Three years ago, following the repulsive slaughter of rhinos at Kariega Game Reserve, the anthology For Rhino in a Shrinking World was published. Little enough, perhaps, but something to raise awareness and to support the heroic efforts of those on the front line of the fight to save these iconic creatures.

This poem – actually a song by American singer-songwriter David Mallett – was included. It’s about the importance of wild things everywhere and our relationship with them.

You Say That the Battle Is Over

You say that the battle is over
You say that the war is all done
Well go tell it to those with the wind in their nose
Who run from the sound of a gun.
And write it on the sides of the great whaling ships
Or on the ice flows where conscience is tossed
With the wild in their eyes
It is they who must die
And it’s we who must measure the loss.

You say that the battle is over
And finally the world is at peace
You mean no one is dying and mothers don’t weep
Or it’s not in the papers at least.
There are those who would deal in the dark side of life
There are those who would tear down the sun
And most men are ruthless but some men will weep
When the gifts we are given are gone.

Now the blame cannot fall on the heads of a few
It’s become such a part of the race
It’s eternally tragic that that which is magic
Be killed at the end of the glorious chase.
From young seals to great whales,
From waters to wood,
They will fall just like leaves in the wind.
But we’ve fur coats and perfumes and trophies on walls
What a hell of race to call men.

You say that the battle is over
You say that the war is all done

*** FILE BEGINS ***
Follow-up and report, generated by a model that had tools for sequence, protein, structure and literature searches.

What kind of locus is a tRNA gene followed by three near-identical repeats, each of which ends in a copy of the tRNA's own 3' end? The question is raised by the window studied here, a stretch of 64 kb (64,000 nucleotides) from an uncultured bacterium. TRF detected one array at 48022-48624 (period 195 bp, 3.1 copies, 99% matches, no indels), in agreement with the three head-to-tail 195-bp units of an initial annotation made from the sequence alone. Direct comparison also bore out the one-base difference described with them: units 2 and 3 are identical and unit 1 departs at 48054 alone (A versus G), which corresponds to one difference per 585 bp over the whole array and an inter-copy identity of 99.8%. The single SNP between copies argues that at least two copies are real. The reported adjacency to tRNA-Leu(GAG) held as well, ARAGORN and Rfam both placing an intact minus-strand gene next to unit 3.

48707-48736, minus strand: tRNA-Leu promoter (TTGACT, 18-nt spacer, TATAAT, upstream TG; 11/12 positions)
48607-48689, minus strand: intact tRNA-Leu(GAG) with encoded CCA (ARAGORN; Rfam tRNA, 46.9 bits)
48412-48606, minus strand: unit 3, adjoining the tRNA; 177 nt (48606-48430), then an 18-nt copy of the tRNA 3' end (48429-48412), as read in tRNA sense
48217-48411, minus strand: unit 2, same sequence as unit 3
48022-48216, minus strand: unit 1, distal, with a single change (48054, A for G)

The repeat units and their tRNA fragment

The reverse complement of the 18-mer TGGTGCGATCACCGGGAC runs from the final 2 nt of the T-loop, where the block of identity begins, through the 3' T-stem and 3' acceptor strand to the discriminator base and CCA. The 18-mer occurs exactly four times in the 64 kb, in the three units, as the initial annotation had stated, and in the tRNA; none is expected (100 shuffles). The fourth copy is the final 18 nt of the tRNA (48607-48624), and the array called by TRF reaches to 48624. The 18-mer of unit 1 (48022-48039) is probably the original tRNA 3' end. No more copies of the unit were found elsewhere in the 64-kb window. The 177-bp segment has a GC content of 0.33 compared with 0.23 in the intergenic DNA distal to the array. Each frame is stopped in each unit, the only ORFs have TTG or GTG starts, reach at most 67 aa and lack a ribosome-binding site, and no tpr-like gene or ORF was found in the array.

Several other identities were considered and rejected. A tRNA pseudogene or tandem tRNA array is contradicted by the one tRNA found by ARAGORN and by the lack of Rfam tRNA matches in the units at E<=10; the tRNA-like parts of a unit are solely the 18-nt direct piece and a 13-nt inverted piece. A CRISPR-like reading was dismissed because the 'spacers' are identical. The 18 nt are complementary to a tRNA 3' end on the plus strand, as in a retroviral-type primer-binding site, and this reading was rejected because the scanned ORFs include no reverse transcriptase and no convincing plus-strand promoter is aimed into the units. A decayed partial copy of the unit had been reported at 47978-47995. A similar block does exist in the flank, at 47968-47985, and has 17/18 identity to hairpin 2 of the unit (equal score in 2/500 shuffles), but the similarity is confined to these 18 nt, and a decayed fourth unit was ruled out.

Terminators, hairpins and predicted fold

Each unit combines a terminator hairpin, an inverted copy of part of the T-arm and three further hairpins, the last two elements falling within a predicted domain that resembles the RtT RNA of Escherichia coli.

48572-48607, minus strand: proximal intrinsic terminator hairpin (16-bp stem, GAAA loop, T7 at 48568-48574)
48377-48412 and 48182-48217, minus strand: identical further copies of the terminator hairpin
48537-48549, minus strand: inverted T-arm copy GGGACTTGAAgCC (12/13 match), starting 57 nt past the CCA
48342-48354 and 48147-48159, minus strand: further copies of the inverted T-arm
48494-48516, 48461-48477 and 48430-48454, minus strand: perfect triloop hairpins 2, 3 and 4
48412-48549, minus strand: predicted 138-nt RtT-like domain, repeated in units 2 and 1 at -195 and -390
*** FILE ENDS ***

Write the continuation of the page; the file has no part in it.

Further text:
Well go tell it to those with the wind in their nose
Who run from the sound of a gun.
And write it on the sides of the great whaling ships
Or on the ice flows where conscience is tossed
With the wild in their eyes
It is they who must die
And it’s we who must measure the loss.
With the wild in their eyes
It is they who must die
And it’s we who must measure the loss.

(Music and words by David Mallet: Cherry Lane Music Pub. Co. Inc)

 

Species

 

Sometimes they rise before me in the night,

the lemurs, eyes as bare and bright as moons,

the lizard, older than the afternoon,

the coral’s tender hands which sun bleached white.

Some are immense, the tiger, shot and still,

some thumbnail-sized, like Chile’s emerald frog,

I never saw, and soon, nobody will.

 

Alison Brackenbury

 

It is now almost a year since I listened and watched as Dr William Fowlds gave his harrowing presentation at Rhodes University about the horrors of rhino poaching. I felt utterly helpless then to contribute anything. But it is also nearly a year since I had the idea of asking poets around the world if they would be prepared to contribute to an anthology in support of the rhino and the natural world of which it is such an iconic  part.

It’s been a long haul but an inspiring one for me: the response has been absolutely stupendous, and now we are within touching distance of publication. The book should, according to the publisher, be ready this month – February.

I know that you are all, like me, waiting to see it, and I thank you for your patience (although, in the great scheme of things, publishing such a wonderful book from scratch in twelve months is no mean achievement).

I hope that the next post here will be to announce that our anthology has been published, so please keep looking!

And thank you again.